How to use results
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The recommended way to use AnalyticsOS results is to pull results from the RESTful API on a schedule and save them into a local database. Applications using AnalyticsOS results can then query the local database directly and provide better performance with less network latency.
1.1 Time filtering
All RESTful API result endpoints support time filtering, so it’s simple to check the timestamp of the last result saved in the local database and only request newer results not yet saved.
1.2 Analytic identifiers
The analytic results exposed by AnalyticsOS Cloud utilize node identifiers so users can locate values of interest. For example, a user might get the following two calculations inside the cdf_results JSON Array. They might belong to the same evaluation batch, but it’s the node identifier which specifies what calculation the values belong to.
“node”: “Pump B Suction Pressure”,
“node”: “Motor A Temperature above Ambient”,
“units”: “Degrees Celsius”
After persisting them to a cdf_results database table, one could query for all “Pump B Suction Pressure” rows to produce a historical view of the calculations for suction pressure. The node identifier is also used to differentiate mofn_alerts and prediction outputs.
Detailed examples of how to use each class of analytics result are given on subsequent pages:
AnalyticsOS provides predictions based off of sensor values and computed values. These can be represented in several ways to show the relevant uncertainty as well as prescriptions for system remediation.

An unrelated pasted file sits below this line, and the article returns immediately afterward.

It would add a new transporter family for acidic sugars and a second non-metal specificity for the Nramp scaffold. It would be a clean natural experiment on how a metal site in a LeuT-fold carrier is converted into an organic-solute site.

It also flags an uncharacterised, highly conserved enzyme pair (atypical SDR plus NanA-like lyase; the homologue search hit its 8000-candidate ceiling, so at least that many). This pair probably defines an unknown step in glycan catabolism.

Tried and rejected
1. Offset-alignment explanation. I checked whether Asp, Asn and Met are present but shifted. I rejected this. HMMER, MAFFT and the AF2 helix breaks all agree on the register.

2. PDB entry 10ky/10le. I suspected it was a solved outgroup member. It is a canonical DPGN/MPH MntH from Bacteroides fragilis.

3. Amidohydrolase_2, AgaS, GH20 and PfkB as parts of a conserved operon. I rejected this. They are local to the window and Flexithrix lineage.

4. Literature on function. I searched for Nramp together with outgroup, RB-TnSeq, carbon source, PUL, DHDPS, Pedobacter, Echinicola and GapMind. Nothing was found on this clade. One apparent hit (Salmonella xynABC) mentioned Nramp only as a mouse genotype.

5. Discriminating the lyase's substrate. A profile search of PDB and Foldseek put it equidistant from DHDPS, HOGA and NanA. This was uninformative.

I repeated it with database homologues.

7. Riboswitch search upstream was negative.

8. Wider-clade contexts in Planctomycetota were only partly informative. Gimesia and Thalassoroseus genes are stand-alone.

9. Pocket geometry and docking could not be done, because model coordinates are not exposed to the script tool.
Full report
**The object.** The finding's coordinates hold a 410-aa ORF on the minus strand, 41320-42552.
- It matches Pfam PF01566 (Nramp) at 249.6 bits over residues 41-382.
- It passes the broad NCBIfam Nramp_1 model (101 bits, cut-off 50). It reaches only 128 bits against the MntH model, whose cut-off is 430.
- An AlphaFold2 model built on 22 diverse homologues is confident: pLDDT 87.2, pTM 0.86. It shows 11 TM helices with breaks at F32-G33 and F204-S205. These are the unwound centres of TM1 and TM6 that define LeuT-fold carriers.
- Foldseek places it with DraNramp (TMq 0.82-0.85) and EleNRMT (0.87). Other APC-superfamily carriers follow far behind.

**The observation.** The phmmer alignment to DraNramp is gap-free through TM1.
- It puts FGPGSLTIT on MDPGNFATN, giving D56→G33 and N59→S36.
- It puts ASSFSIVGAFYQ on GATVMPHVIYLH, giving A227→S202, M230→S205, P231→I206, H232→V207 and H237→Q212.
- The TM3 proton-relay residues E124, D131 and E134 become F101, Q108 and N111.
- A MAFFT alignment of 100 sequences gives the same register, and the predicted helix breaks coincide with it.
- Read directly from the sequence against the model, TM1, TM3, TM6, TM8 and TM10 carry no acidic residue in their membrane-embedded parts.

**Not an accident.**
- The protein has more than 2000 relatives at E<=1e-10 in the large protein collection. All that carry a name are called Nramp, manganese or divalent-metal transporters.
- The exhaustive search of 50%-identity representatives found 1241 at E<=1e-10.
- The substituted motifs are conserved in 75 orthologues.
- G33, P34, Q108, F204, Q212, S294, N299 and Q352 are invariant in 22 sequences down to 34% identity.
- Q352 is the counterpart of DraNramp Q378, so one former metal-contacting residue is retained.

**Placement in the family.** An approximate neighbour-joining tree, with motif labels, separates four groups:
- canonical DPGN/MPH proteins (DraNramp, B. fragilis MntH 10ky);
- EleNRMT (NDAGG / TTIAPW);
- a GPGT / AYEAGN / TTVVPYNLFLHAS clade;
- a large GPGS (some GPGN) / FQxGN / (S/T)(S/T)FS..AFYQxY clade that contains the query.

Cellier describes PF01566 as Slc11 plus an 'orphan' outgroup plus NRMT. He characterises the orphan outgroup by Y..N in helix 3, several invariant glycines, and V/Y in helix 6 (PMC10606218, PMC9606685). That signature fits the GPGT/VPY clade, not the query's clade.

Thresholds: At what point is the data in a range where a user should be notified?
Predictions work by estimating when data will go above a defined value or below a defined value. These are called upper thresholds and lower thresholds.
Lead time: How much notice does a user need before the measurement crosses the significant threshold?
Predictions are only produced if the threshold will be crossed within the time the user is interested. If the prediction algorithms see that the threshold will be crossed in 3 weeks, but the lead time is set to 2 weeks, then no prediction is produced.
Prediction CDF: Predictions with uncertainty
The prediction JSON contains a predictive_threshold_cdf_result array which contains the 10th, 50th, and 90th percentiles of the prediction. The 10th and 90th percentile provide AnalyticsOS’ prediction of the soonest and latest that the value will cross the defined threshold, and the 50th percentile is in the middle.
The uncertainty cone in the picture above shows how AnalyticsOS will forecast how high or low the value might be in the future. This is why the 10th, 50th, and 90th percentile predictions are produced.
1.3.3 Example: Motor overheating
The following JSON is an example of one prediction output for motor temperature (one analytics solution might also include other predictions for vibration or current distortion, for example).
‘lead_time_message’: ‘Motor temperature is projected to exceed safe
operating temperature, turn off and inspect coolant tank for leak.’,
‘node’: ‘Motor Temperature’,
‘threshold_name’: ‘Motor Temperature’,
‘units’: ‘Degrees F’
There are four predictions provided in the predictive_threshold_cdf_result array: the 10th percentile, 50th percentile, the 90th percentile, and the ‘gross_estimation’. The 10/50/90 percentile forecasts are only available when a prediction is being produced (threshold cross is expected within the configured lead time). The gross estimation is a longer forecast which is always available, but because it looks farther out it can be more volatile than the other predictions.